A look at how the legal process may play out in the case against Ahmed Abu Khattala. The Libyan militant faces criminal charges connected to the deaths of the U.S. ambassador to Libya and three other Americans from the attack on the U.S. diplomatic compound in Benghazi, Libya, on Sept. 11, 2012. An initial court appearance at the federal courthouse in the nation's capital took place Saturday:
Q: What happened at that court hearing?
A: Abu Khattala pleaded not guilty during a 10-minute appearance before U.S. Magistrate Judge John Facciola. Wearing a two-piece black track suit and keeping his hands behind his back, the defendant wore headphones to listen to a translation of the proceedings. Abu Khattala spoke just two words during the hearing, both in Arabic. He replied "yes" when asked to swear to tell the truth and "no" when asked if he was having trouble understanding the proceeding. Facciola ordered the defendant's continued detention.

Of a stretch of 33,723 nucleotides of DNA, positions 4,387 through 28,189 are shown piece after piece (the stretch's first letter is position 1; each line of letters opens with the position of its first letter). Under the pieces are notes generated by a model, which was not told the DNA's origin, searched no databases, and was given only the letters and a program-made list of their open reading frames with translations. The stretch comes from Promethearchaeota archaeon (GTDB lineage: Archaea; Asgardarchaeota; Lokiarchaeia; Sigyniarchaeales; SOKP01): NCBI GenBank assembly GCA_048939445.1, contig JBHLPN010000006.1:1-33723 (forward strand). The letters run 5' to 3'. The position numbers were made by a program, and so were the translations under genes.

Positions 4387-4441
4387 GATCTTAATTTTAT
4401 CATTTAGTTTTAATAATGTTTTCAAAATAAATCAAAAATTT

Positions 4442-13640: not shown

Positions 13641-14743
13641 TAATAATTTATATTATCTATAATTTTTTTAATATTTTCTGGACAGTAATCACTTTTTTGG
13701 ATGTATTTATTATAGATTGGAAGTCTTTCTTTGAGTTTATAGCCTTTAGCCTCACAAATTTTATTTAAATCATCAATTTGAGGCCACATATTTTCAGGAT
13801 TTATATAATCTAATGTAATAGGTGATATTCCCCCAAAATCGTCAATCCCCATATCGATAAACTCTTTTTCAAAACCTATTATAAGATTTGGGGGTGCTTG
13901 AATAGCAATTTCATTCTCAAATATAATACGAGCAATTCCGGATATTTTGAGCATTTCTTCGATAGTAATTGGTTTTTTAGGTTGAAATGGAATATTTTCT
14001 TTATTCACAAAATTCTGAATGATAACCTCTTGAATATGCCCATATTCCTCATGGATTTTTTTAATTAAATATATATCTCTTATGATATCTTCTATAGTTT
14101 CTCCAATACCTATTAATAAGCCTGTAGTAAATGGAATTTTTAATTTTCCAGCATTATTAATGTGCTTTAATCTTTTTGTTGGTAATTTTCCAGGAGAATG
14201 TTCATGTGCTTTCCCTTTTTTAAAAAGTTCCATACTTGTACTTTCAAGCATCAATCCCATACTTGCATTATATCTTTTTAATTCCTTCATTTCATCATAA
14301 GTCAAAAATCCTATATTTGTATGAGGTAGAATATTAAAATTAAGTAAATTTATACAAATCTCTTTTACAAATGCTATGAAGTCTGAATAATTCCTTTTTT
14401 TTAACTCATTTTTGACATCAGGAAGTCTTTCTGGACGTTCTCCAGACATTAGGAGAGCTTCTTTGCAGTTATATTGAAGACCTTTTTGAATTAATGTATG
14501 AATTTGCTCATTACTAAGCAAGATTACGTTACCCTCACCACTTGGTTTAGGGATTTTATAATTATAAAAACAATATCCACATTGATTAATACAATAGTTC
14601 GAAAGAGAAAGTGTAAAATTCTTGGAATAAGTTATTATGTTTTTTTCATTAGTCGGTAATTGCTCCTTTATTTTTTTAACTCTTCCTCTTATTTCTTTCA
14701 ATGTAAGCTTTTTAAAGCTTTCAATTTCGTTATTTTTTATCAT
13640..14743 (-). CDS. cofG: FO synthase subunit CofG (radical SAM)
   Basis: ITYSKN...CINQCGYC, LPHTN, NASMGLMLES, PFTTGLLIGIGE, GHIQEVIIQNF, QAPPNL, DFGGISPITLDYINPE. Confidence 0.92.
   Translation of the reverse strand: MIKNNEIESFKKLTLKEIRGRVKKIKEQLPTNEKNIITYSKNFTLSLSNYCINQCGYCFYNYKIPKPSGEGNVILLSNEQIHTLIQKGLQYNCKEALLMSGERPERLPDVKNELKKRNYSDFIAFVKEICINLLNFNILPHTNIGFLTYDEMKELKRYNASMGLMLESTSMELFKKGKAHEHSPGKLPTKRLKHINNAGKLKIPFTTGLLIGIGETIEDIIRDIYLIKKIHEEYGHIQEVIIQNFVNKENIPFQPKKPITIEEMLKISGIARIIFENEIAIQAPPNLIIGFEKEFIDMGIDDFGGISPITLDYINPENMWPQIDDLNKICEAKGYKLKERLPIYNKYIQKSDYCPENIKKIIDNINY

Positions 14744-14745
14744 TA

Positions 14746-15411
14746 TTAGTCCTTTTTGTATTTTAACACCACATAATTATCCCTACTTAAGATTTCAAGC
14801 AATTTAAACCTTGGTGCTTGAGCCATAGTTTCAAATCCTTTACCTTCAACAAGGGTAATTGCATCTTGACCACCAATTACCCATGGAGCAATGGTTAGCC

Q: Who is representing Abu Khattala?
A: A lawyer from the federal public defender's office appeared alongside Abu Khattala.
Q: What is the next step in the legal process?
A: Minutes after Abu Khattala entered his plea, the Justice Department unsealed a two-page grand jury indictment charging him with conspiracy to provide material support to terrorists resulting in death. Attorney General Eric Holder has said Abu Khattala could face additional charges and that federal authorities are working to identify, locate and prosecute additional co-conspirators. The case is in the hands of the U.S. attorney's office in Washington and the Justice Department's National Security Division.
Q: What has been the reaction to the criminal proceedings?
A: The Obama administration supports prosecuting Abu Khattala and other suspected terrorists in American courts, a judicial system that government officials believe is fairer and more efficient than the military tribunal process at Guantanamo Bay, Cuba. But some Republican critics are already raising concerns about the prosecution. Sen. Kelly Ayotte, R-N.H., issued a statement saying "critical intelligence" could be lost in the process of turning Abu Khattala over to the American justice system.
Justice Department: http://tinyurl.com/m79bngq